During Sunday night's VMAs, Taylor Swift debuted the video for her song "Wildest Dreams," and it immediately received tons of backlash.
Various outlets accused Swift and crew of romanticizing African colonialism. The most notable critique comes from an NPR article written by Viviane Rutabingwa, born in Nairobi, and James Kassaga Arinaitwe, who grew up in rural Uganda.
The authors wrote:
Swift's music is entertaining for many. She should absolutely be able to use any location as a backdrop. But she packages our continent as the backdrop for her romantic songs devoid of any African person or storyline, and she sets the video in a time when the people depicted by Swift and her co-stars killed, dehumanized and traumatized millions of Africans. That is beyond problematic.
The Daily Dot's Nico Lang also pointed out problems with the video, writing: "The video wants to have its old-school Hollywood romance but ends up eating some old-school Hollywood racism, too."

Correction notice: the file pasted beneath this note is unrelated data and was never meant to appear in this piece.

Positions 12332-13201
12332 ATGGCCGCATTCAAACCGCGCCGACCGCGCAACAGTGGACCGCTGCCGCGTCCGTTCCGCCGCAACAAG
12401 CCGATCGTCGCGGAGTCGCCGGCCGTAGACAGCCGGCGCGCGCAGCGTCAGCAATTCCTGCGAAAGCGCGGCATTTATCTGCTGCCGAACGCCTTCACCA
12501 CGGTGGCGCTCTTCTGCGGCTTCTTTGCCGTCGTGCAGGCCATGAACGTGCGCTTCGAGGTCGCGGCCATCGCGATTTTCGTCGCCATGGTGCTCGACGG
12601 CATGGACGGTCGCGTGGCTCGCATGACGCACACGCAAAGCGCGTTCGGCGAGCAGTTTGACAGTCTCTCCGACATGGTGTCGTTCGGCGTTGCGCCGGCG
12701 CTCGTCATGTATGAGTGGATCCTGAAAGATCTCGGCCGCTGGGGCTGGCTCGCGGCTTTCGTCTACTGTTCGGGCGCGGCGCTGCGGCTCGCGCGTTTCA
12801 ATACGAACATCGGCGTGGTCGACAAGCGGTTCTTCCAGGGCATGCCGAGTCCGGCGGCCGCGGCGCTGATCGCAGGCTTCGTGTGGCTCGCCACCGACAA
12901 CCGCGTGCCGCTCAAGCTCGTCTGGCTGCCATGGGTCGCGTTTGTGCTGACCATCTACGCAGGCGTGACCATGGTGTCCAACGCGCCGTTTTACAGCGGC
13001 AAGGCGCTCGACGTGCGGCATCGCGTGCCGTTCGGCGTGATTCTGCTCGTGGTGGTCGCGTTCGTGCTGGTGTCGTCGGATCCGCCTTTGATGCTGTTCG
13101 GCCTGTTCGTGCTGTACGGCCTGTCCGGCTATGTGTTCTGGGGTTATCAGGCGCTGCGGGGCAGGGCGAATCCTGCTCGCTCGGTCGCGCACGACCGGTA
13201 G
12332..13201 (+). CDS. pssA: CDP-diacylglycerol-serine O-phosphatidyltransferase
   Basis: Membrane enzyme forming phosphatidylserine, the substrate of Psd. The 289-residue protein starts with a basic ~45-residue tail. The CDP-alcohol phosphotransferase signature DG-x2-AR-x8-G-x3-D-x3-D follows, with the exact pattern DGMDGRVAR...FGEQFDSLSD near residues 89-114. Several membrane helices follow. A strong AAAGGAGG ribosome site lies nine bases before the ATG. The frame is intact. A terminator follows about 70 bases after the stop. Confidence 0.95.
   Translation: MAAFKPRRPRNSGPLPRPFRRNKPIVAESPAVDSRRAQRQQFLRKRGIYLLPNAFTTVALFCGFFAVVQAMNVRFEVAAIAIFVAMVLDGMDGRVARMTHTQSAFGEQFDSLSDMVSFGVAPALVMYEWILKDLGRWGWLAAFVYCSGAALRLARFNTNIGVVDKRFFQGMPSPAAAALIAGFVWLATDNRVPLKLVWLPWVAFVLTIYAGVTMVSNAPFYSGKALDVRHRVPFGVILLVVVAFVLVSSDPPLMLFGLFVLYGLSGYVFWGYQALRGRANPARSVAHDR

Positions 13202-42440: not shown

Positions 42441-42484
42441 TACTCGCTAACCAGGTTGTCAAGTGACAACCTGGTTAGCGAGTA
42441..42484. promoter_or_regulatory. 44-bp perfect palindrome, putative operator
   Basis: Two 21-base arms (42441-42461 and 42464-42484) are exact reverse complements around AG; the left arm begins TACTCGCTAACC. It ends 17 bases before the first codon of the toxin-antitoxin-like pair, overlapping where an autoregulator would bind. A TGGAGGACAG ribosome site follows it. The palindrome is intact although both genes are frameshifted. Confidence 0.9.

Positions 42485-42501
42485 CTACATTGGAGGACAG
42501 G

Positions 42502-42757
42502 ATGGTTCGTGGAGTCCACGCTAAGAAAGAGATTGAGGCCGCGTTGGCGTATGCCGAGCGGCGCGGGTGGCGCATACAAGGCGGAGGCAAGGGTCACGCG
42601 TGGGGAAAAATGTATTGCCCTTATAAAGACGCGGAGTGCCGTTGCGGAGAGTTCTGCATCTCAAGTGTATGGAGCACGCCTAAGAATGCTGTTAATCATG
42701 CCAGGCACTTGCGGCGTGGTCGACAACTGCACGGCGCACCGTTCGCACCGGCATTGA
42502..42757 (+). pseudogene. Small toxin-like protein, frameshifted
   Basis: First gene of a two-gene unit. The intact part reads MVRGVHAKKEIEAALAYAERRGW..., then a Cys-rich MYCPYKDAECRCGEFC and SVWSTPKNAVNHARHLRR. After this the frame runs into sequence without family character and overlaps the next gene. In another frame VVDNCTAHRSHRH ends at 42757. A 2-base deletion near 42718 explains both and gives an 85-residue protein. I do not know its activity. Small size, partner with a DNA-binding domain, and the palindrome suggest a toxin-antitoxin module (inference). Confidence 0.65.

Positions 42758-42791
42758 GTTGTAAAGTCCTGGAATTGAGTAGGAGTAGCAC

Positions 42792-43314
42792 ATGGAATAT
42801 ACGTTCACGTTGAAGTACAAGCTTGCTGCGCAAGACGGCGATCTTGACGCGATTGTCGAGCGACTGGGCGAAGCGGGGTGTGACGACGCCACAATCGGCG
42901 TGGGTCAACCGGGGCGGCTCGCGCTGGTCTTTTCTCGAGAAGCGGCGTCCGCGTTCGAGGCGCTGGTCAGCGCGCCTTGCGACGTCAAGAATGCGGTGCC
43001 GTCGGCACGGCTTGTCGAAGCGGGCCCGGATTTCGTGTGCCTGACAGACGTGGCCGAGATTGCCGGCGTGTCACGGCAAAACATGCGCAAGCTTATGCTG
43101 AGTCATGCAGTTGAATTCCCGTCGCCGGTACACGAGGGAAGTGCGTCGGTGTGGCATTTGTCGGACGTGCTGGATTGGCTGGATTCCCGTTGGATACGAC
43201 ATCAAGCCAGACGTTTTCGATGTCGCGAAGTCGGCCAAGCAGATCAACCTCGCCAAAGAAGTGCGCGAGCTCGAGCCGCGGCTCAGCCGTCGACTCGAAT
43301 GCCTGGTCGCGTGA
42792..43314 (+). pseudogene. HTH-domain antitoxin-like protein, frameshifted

The video's director, Joseph Khan, was quick to rush to Swift's defense, releasing a statement:
'Wildest Dreams' is a song about a relationship that was doomed, and the music video concept was that they were having a love affair on location away from their normal lives. This is not a video about colonialism but a love story on the set of a period film crew in Africa, 1950.
He added that many of the video’s crew members were not white, including himself:
The reality is not only were there people of color in the video, but the key creatives who worked on this video are people of color. I am Asian American, the producer Jil Hardin is an African American woman, and the editor Chancler Haynes is an African American man. We cast and edited this video. We collectively decided it would have been historically inaccurate to load the crew with more black actors as the video would have been accused of rewriting history. This video is set in the past by a crew set in the present and we are all proud of our work.